Steve McClaren's time is up at Newcastle whatever the decision of Lee Charnley

It's the end for Steve McClaren, isn't it?

Monday, 7th March 2016, 9:00 am
Updated Monday, 7th March 2016, 9:21 am
Steve McClaren appears dejected during the match against Bournemouth

There’s surely no way back from this.

Newcastle United’s head coach simply has to go after this 3-1 defeat.

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McClaren’s position is untenable after one of the most abject displays in recent memory.

If ever the club needed a performance and a result it was on Saturday.

A poorly-timed statement, purportedly from Newcastle’s players, backing McClaren was issued before the game.

It claimed that McClaren had the “full respect of the players” and vowed to “fight every game” to keep the club in the Premier League.

Georginio Wijnaldum (left), Aleksandar Mitrovic (centre) and Jonjo Shelvey

What United needed was a statement on the pitch from its players.

But they never looked like beating Bournemouth, a club which is now all but safe.And Newcastle – who spent more than any other in Europe on transfers in January – are now competing with Sunderland and Norwich City to finish 17th in the league.

The loss to Bournemouth underlined why the club is in such a mess.

McClaren’s side looked ill-prepared and ill-equipped against a team which was playing Championship football last season.

Georginio Wijnaldum (left), Aleksandar Mitrovic (centre) and Jonjo Shelvey

United were out-played, out-fought and out-thought at St James’s Park, and not for the first time under McClaren.

It didn’t look like the team was playing to keep the 54-year-old in a job.

Bournemouth were better in every department.

They played with pace and purpose. There was movement. They worked for each other.

Their opener had an element of fortune – Steven Taylor inadvertently turned a Joshua King cross past Rob Elliot in the 28th minute – but they had earnt it.

Jack Colback gave the ball away and Max Gradel’s persistence saw King take the ball in space on the left.

Taylor attempted to make amends before the break, but his effort was deflected wide.

And it wasn’t until the 64th minute that Bournemouth goalkeeper Artur Boruc was tested.

Daryl Janmaat had a fierce shot, but Boruc was equal to it.

Eddie Howe’s side were equal to everything that came their way and King added a second in the 70th minute.

McClaren got one thing right. He recalled Ayoze Perez, one of his few match-winners.

Perez had one real chance – stand-in captain Jonjo Shelvey found him with a superb pass played from his own half – and the forward took his chance.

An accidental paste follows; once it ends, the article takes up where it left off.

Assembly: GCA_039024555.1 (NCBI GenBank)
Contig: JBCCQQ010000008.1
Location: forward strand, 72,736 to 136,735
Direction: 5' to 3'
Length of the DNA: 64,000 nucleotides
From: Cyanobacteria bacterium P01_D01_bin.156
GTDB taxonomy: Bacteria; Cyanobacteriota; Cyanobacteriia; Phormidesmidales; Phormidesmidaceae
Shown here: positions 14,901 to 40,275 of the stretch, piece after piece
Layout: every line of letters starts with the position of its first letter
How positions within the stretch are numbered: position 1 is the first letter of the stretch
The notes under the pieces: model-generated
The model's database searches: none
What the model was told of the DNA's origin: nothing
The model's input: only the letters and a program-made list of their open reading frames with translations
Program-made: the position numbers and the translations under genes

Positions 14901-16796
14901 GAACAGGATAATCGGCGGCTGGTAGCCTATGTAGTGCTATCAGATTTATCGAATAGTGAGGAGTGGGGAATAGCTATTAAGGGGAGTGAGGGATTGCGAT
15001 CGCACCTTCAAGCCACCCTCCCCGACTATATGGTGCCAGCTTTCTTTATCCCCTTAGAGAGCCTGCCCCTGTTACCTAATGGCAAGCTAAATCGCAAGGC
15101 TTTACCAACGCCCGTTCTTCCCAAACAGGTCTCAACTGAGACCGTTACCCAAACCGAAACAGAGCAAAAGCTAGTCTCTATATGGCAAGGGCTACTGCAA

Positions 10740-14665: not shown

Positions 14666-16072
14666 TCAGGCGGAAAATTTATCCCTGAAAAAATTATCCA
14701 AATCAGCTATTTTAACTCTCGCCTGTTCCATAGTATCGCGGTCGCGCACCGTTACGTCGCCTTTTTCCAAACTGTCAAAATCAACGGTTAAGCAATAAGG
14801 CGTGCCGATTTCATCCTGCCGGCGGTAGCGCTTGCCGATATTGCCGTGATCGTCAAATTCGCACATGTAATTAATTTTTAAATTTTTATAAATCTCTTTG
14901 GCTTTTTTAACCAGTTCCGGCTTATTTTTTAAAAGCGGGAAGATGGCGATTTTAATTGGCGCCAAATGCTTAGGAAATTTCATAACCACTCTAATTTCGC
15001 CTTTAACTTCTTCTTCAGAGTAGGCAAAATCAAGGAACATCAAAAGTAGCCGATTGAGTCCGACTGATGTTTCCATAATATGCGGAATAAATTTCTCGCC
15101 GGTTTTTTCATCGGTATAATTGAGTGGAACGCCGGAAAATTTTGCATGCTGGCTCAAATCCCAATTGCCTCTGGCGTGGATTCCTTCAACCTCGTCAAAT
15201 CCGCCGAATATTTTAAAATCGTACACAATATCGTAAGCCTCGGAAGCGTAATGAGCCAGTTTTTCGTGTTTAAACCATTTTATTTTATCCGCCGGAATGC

The 22-year-old can finish. We know that.

So why hadn’t he been in McClaren’s starting XIs for the games against Stoke City and Chelsea?

McClaren paired him with Emmanuel Riviere up front.

But Riviere, a willing runner but lacking in pace, again looked out of his depth and was replaced at the break.

Aleksandar Mitrovic didn’t fare much better in the second half.

Charlie Daniels’ late goal for Bournemouth added insult to injury.

McClaren had pledged to sort the club’s defence after his appointment, but the there was no defence for his team’s defending.

The former England coach’s time is up at St James’s Park, whatever the decision of managing director Lee Charnley and owner Mike Ashley, who wasn’t at the game.

A weary McClaren fronted up after the game. For once, he was brutally honest.

“We understand and will fully take all the criticism that we’ll receive,” he said. “We accept it all. I’m as frustrated and angry as the next person, and as the supporters who were watching that.”

Of course, the club’s problems run deeper than its head coach.

Charnley and chief scout Graham Carr have presided over a disastrous few years.

The signing of Riviere, a player lacking the pace and guile needed for Premier League football, is just one example of where the club’s recruitment has gone badly wrong.

Riviere had scored just one, deflected goal in his 25 league appearances up to the Bournemouth game.

The 26-year-old, a willing but limited player, was never going to be the answer to the club’s goalscoring problems, yet McClaren has been toying with starting him for the past fortnight.

There’s been a disconnect between the club’s recruitment on the continent and what’s actually needed on Tyneside.

There must be accountability at every level. Charnley, for too long, put fiscal prudence above footballing ambition.

The financial figures were good. But the football wasn’t nearly good enough.

Alan Shearer was right on Match of the Day. The club, he said, is “in a mess from top to bottom”.

That’s not just McClaren’s fault. Charnley – who staked his reputation on McClaren being a success at United – and Carr must also take responsibility for the decisions which have left the club in crisis.

Many supporters believe they should go too.

Sadly, Newcastle, aside from its work in the community, doesn’t have any class any more – on or off the field.

Ashley’s club, in its present state, deserves Championship football. But the fans certainly don’t.